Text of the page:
The Holinshed Project

Holinshed Project Home

The Texts

Previous | Next

Compare 1577 edition: 1 Moreouer, it appeareth by their owne writers, that king Pepine, which deposed Childerike, claimed the crowne of France, as heire generall, for that he was descended of Blithild daughter to king Clo|thair EEBO page image 546 the first: Hugh Capet also, who vsurped the crowne vpon Charles duke of Loraine, the sole heire male of the line and stocke of Charles the great, to make his title seeme true, and appeare good, though in déed it was starke naught, conueied himselfe as heire to the ladie Lingard, daughter to king Charle|maine, sonne to Lewes the emperour, that was son to Charles the great. King Lewes also the tenth o|therwise called saint Lewes, being verie heire to the said vsurper Hugh Capet, could neuer be satisfied in his conscience how he might iustlie keepe and pos|sesse the crowne of France, till he was persuaded and fullie instructed, that quéene Isabell his grand|mother was lineallie descended of the ladie Er|mengard daughter and heire to the aboue named Charles duke of Loraine, by the which marriage, the bloud and line of Charles the great was againe vni|ted and restored to the crowne & scepter of France, so that more cléere than the sunne it openlie appea|reth, that the title of king Pepin, the claime of Hugh Capet, the possession of Lewes, yea and the French kings to this daie, are deriued and conueied from the heire female, though they would vnder the colour of such a fained law, barre the kings and princes of this realme of England of their right and lawfull inhe|ritance.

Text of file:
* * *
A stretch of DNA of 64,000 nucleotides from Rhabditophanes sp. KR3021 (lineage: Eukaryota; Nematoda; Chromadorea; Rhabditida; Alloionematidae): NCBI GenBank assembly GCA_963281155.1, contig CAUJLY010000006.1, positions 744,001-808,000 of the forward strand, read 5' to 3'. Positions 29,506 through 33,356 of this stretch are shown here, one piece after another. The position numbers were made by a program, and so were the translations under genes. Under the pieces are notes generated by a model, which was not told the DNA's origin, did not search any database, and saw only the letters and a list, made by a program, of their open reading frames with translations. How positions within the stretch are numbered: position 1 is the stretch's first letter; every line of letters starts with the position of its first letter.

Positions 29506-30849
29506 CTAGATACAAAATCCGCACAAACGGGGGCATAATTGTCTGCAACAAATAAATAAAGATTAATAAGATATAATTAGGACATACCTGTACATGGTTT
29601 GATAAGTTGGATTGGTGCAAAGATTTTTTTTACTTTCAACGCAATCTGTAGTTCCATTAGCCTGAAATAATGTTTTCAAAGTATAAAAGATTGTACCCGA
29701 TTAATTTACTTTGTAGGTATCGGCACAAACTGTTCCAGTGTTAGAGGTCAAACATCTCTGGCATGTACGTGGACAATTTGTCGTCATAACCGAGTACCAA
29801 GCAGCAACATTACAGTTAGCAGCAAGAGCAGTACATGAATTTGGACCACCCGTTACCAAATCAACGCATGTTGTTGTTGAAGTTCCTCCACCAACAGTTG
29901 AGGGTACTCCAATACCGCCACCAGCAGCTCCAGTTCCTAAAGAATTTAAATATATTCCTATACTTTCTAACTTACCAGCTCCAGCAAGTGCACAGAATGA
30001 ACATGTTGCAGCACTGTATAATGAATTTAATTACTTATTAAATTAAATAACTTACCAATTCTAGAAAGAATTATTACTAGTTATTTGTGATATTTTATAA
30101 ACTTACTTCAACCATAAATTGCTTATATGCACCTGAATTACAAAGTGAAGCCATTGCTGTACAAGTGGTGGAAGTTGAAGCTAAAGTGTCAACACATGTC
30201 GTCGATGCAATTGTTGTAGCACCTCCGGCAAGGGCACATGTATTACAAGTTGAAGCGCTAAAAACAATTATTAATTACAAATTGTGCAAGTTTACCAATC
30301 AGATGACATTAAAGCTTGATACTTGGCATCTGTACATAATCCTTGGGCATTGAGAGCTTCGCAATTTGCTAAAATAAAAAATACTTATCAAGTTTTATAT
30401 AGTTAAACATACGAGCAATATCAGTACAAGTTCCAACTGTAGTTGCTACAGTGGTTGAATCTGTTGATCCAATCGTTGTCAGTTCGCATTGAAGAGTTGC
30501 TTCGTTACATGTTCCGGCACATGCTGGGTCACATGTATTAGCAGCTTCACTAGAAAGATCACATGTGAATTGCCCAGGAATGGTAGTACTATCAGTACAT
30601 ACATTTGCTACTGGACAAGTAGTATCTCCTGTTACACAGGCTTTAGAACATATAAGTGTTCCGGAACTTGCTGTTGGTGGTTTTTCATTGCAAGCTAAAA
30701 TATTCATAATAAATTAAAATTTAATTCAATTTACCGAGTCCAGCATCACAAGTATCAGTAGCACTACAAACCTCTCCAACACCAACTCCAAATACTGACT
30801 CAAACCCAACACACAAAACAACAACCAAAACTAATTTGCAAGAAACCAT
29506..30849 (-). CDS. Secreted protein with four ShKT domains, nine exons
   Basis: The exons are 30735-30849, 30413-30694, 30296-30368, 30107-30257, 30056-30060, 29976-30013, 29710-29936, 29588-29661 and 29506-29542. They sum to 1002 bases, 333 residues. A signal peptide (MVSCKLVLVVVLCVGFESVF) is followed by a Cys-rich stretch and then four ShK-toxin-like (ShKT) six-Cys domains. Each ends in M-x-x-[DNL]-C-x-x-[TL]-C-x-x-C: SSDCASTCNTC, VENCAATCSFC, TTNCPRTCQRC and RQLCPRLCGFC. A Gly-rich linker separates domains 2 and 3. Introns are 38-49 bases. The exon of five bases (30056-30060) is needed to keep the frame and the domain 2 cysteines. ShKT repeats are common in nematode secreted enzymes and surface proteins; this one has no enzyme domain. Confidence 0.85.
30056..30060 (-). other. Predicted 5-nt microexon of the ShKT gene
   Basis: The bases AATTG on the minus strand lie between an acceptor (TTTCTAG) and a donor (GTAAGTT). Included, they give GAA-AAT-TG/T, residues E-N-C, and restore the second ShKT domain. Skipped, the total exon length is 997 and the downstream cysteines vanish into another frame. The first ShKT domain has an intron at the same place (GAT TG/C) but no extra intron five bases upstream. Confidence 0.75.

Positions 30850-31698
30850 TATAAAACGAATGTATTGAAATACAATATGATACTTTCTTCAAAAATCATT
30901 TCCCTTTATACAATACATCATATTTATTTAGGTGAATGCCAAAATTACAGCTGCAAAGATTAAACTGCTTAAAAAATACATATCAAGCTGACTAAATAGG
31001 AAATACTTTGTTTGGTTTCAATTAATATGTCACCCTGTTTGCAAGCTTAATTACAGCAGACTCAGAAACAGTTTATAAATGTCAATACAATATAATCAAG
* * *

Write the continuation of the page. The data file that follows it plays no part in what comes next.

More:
Compare 1577 edition: 1 2 The archbishop further alledged out of the booke of Numbers this saieng:

When a man dieth without a sonne, let the inheritance descend to his daughter.
At length, hauing said sufficientlie for the proofe of the kings iust and lawfull title to the crowne of France, he exhorted him to aduance foorth his banner to fight for his right, to conquer his inheritance, to spare nei|ther bloud, sword, nor fire, sith his warre was iust, his cause good, and his claime true. And to the intent his louing chapleins and obedient subiects of the spiritu|altie might shew themselues willing and desirous to aid his maiestie, for the recouerie of his ancient right and true inheritance, the archbishop declared that in their spirituall conuocation, they had granted to his highnesse such a summe of monie, as neuer by no spi|rituall persons was to any prince before those daies giuen or aduanced.

Compare 1577 edition: 1 2 The earle of Westmerland persuadeth ye king to the conquest of Scotland.When the archbishop had ended his prepared tale, Rafe Neuill earle of Westmerland, and as then lord Warden of the marches against Scotland, vn|derstanding that the king vpon a couragious desire to recouer his right in France, would suerlie take the wars in hand, thought good to mooue the king to begin first with Scotland, and therevpon declared how easie a matter it should be to make a conquest there, and how greatlie the same should further his wished purpose for the subduing of the Frenchmen, concluding the summe of his tale with this old sai|eng: that Who so will France win, must with Scot|land first begin. Manie matters he touched, as well to shew how necessarie the conquest of Scotland should be, as also to prooue how iust a cause the king had to attempt it, trusting to persuade the king and all other to be of his opinion.

Previous | Next